Navy Paddles: A Craft of Honor
A symbol of teamwork in the military and law enforcement is now with families across the country. And it's all because of a Navy veteran from Fall Creek. He started it as a hobby and turned into much more than a passing interest. WEAU's Bob Gallaher reports on "A Craft of Honor," the evolution of Navy Paddles and how they're honoring a local man who made the ultimate sacrifice.
"That's where paddles became such an icon of teamwork."
"Honoring Achievements, Remembering Milestones," that is the Navy Paddles motto according to retired Navy Lieutenant Kyle Nyseth. During his more than twenty years of service, the Fall Creek native was asked how the military could show their appreciation for those who served.
Nyseth says, "And I said, hey, we're all here on the same team, why don't we give a paddle."
The first Navy Paddle he gave away was to his father, Gary who served in Vietnam. When his dad returned home, he rarely talked about his service. His ribbons, dog tags, medals, all went into a cigar box.
Nyseth explains, "For Father's Day, I got that stuff out of his cigar box and put it on a paddle and now it sits behind his chair and he's so proud of that, as am I."
Nyseth says Navy Paddles has produced thousands of paddles, just like the one given to his father including one honoring former Eau Claire Memorial soccer player Chris Mosko who died serving in Afghanistan in 2012.
The family of Chris Mosko, who now live in Pennsylvania were in Eau Claire last month as a bench was dedicated at the soccer park in his honor. His parents also receiving a Navy Paddle.
Nyseth says, "Him seeing the paddle initially, he was so overwhelmed, he started crying. I can understand that because I know what I felt like getting presented with the paddle. And seeing his son's decorations on the paddle. It has a history and a tradition inside a piece of wood This is personalized, 100 percent customized to your memory."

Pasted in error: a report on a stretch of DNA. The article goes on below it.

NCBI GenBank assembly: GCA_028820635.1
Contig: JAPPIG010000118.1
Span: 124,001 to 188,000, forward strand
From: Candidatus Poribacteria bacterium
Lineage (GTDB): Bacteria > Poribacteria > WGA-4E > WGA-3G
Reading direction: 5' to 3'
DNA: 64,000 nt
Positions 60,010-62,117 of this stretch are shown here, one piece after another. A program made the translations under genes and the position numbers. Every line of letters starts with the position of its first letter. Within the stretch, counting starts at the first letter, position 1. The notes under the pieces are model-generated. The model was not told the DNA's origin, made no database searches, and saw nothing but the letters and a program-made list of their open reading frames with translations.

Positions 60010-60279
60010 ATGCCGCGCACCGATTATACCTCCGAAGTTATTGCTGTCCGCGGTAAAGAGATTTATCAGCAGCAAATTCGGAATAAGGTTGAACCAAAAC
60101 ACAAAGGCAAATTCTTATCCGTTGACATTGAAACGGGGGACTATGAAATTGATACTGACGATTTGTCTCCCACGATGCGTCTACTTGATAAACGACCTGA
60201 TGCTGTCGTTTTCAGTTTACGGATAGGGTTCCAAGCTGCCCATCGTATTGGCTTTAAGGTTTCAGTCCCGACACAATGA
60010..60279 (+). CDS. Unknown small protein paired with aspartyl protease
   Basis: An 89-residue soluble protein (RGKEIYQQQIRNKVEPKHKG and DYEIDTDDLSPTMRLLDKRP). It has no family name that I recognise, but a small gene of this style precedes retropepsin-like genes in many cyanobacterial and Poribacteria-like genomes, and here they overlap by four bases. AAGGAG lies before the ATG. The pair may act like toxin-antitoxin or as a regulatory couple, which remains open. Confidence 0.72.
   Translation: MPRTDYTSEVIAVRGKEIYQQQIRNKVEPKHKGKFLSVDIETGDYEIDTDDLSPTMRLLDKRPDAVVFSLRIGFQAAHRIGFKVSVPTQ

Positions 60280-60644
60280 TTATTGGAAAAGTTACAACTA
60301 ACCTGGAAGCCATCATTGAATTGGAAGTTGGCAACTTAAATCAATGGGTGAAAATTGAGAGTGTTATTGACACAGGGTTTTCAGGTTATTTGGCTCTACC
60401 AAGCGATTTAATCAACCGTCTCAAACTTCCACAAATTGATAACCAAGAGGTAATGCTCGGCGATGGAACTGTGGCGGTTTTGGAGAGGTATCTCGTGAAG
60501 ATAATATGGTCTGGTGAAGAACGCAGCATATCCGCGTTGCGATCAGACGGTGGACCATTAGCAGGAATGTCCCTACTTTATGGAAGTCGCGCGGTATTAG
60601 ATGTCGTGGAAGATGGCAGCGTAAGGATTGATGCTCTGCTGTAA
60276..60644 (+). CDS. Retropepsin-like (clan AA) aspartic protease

Chris' parents, Gale and John say their son always wanted to serve his country, his close bond with his Old Abe teammates a constant reminder even today of those lifelong friendships.
Gale Mosko says, "Since an early age I remember since 6th grade he wanted to join the navy and so he was living his dream."
Chris's father John Mosko adding, "Over the years we've been blessed to catch up with people who want to remember him. The guys on the team back in those days were his family and we have pics of them all over our house."
A second Navy Paddle in Chris Mosko's honor is displayed in the Eau Claire Memorial trophy case. Chris was captain of the Old Abes soccer team in 2001 that went to state. Principal Trevor Kohlhepp and Chris' friend and former teammate Jake Hrudka say looking back, Chris was destined to be a leader.
Hrudka says, "The community that he lived in and grew up in, this is our way of showing our appreciation. As a teammate, as a classmate, as a friend, and as a leader, ultimately that is what this represents."
Kohlhepp adding, "Memorial has a great history with Old Abe being a 'war eagle', the school being named after the veterans memorial so I think it adds another addition touch to Memorial that Chris' paddle is here."
Every paddle shares a history of dedication and service to our country.
For Nyseth, it also represents a greater good, a nation united, "I think that's what makes the military so unique and really what the country needs to think about is unity. Unity as who we are, next to each other, we're brothers and sisters, it's bringing the country back together in that flag and not dividing us."